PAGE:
Scientists at UCLA's NanoSystems Institute have developed really powerful hybrid supercapacitor

Scientists at UCLA's California NanoSystems Institute have developed hybrid supercapacitor that is six times as energy-dense as the average commercial supercapacitor. The new experimental hybrid device combines the energy density of a lead-acid battery with the quick charge and discharge rates of a supercapacitor.

5/15/15 5:00 am chumakdenis 1

The need to increase electric vehicle range and decrease charging time of the battery is the big issue nowadays.

A lot of research has been done to improve battery chemistry and a lot of really cool thing on the way, but does everything is as hard as that? Isn’t there a simpler way to increase battery energy-density?

Keep everything simple

Actually, there is. Scientists at UCLA's California NanoSystems Institute decided to go simple and in spite of improving battery chemistry they’ve decided to change the battery itself.

Yeah, you’ve heard me correctly. Scientists at UCLA's California NanoSystems Institute have developed a completely new hybrid device that goes beyond simple changes in cell chemistry.

The experimental device combines the energy density of a lead-acid battery with the quick charge and discharge rates of a supercapacitor.



















It's six times as energy-dense as the average commercial supercapacitor, according to research published in the journal Proceedings of the National Academy of Sciences .

That combination of qualities has great potential impact for electric vehicles. It would offer more compact energy storage and faster charging without sacrificing range.












Te new hybrid supercapacitor can last for more than 10,000 recharge cycles. 

Twice as much charge as a typical thin-film lithium battery

Researchers claim the version being tested can hold twice as much charge as a typical thin-film lithium battery - but on a surface one-fifth the thickness of a piece of paper.

This performance was reportedly achieved by maximizing the contact area between the electrolyte and the two electrodes.

Those electrodes are made from manganese dioxide, but feature a three-dimensional laser-scribed graphene (LSG) structure.

*LSG is the material that can hold an electrical change , is very conductive, and charges and recharges very quickly - with manganese dioxide, which is currently used in alkaline batteries because it holds a lot of charge and is cheap and plentiful. They can be fabricated without the need for extreme temperatures or the expensive "dry rooms" required to produce today's supercapacitors.

"The LSG–manganese-dioxide capacitors can store as much electrical charge as a lead acid battery, yet can be recharged in seconds, and they store about six times the capacity of state-of-the-art commercially available supercapacitors," Kaner said. "This scalable approach for fabricating compact, reliable, energy-dense supercapacitors shows a great deal of promise in real-world applications, and we're very excited about the possibilities for greatly improving personal electronics technology in the near future."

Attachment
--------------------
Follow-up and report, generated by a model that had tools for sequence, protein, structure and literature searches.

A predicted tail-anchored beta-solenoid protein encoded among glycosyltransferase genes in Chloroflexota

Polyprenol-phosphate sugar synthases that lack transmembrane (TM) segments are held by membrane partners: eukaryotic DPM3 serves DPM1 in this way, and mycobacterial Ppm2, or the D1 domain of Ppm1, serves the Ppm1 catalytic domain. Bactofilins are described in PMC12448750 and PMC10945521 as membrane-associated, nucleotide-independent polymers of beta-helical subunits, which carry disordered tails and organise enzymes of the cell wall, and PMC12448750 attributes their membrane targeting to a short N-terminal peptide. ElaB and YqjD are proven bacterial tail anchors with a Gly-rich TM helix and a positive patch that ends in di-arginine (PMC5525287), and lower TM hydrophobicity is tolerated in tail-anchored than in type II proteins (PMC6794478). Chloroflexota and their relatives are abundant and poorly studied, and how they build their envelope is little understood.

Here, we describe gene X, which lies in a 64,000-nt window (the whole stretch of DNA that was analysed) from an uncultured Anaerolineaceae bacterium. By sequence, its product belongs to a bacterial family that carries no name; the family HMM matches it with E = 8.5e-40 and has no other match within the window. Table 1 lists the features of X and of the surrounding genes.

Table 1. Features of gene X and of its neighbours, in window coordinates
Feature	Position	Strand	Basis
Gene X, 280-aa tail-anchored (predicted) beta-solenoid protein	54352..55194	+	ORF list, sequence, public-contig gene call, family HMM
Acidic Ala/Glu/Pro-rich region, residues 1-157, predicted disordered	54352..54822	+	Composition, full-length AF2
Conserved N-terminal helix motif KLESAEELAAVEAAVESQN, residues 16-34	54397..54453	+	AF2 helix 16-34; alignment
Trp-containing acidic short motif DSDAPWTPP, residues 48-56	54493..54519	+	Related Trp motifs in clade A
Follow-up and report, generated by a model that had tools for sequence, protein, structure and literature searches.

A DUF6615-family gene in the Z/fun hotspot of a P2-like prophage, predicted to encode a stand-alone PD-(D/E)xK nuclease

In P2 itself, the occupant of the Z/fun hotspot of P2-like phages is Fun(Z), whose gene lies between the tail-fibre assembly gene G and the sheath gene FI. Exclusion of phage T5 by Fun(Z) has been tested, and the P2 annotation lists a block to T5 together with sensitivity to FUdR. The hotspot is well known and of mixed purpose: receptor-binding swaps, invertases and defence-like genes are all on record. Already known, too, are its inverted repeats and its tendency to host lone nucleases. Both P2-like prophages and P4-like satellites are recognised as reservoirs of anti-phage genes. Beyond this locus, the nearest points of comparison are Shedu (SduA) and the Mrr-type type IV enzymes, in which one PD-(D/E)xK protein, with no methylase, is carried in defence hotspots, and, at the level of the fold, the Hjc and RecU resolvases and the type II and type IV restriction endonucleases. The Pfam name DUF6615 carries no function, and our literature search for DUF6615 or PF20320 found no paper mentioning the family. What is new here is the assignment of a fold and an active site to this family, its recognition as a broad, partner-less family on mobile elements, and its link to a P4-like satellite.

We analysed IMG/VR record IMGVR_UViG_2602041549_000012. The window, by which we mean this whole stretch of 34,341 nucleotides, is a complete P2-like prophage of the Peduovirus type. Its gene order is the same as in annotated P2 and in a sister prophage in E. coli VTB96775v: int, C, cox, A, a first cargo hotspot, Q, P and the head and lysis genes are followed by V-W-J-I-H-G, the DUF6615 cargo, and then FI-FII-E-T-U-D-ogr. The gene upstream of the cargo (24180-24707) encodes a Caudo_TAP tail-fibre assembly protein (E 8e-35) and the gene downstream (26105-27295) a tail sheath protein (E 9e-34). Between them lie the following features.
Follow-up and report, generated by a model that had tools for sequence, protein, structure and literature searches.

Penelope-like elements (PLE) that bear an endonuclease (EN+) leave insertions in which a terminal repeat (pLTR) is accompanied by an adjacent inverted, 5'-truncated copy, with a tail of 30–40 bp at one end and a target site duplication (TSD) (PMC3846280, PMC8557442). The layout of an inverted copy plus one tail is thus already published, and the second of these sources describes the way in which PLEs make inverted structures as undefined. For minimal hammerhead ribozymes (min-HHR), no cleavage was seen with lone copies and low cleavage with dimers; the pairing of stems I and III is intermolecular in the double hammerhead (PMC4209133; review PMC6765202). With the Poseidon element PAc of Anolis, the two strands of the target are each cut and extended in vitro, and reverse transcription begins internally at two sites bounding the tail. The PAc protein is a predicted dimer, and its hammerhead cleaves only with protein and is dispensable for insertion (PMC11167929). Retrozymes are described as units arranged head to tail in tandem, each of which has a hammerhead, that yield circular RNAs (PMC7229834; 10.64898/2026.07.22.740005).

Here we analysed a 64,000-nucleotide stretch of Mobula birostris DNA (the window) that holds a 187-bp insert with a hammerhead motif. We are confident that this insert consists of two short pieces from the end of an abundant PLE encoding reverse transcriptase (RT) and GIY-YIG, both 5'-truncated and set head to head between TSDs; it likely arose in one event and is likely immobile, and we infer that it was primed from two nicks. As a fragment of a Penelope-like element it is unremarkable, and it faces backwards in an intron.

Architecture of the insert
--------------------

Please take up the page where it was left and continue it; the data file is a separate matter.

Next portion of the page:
The graphene structure is highly conductive, and has greater surface area than previous designs.

Supercapacitors are usually stacked on top of each other and packaged as a unit, but the researchers decided to take advantage of their device's thin design and try something different.

Attached to a solar array

The test version is attached to a solar array, absorbing energy from its cell during the day, and discharging it at night to light an LED.

Plans for the future

In addition to its energy density and quick charging properties, researchers believe the compactness of what they call a "microsupercapacitor" could be a major selling point as well.

Among potential applications, they see it being used in bandages to release doses of medication and, of course, in electric vehicles as well.


All of the device's properties could be useful in electric vehicles, but that's purely theoretical right now.

As with all experimental technologies, it's important to note that promising lab results don't always translate into commercial viability.

Anyway, let’s don’t be pessimistic. Research team is still on their way to find a solution to electric vehicle range and charging issues, so let’s wish them good luck with that and wait for more news from ambitious big research team at UCLA's California NanoSystems Institute.


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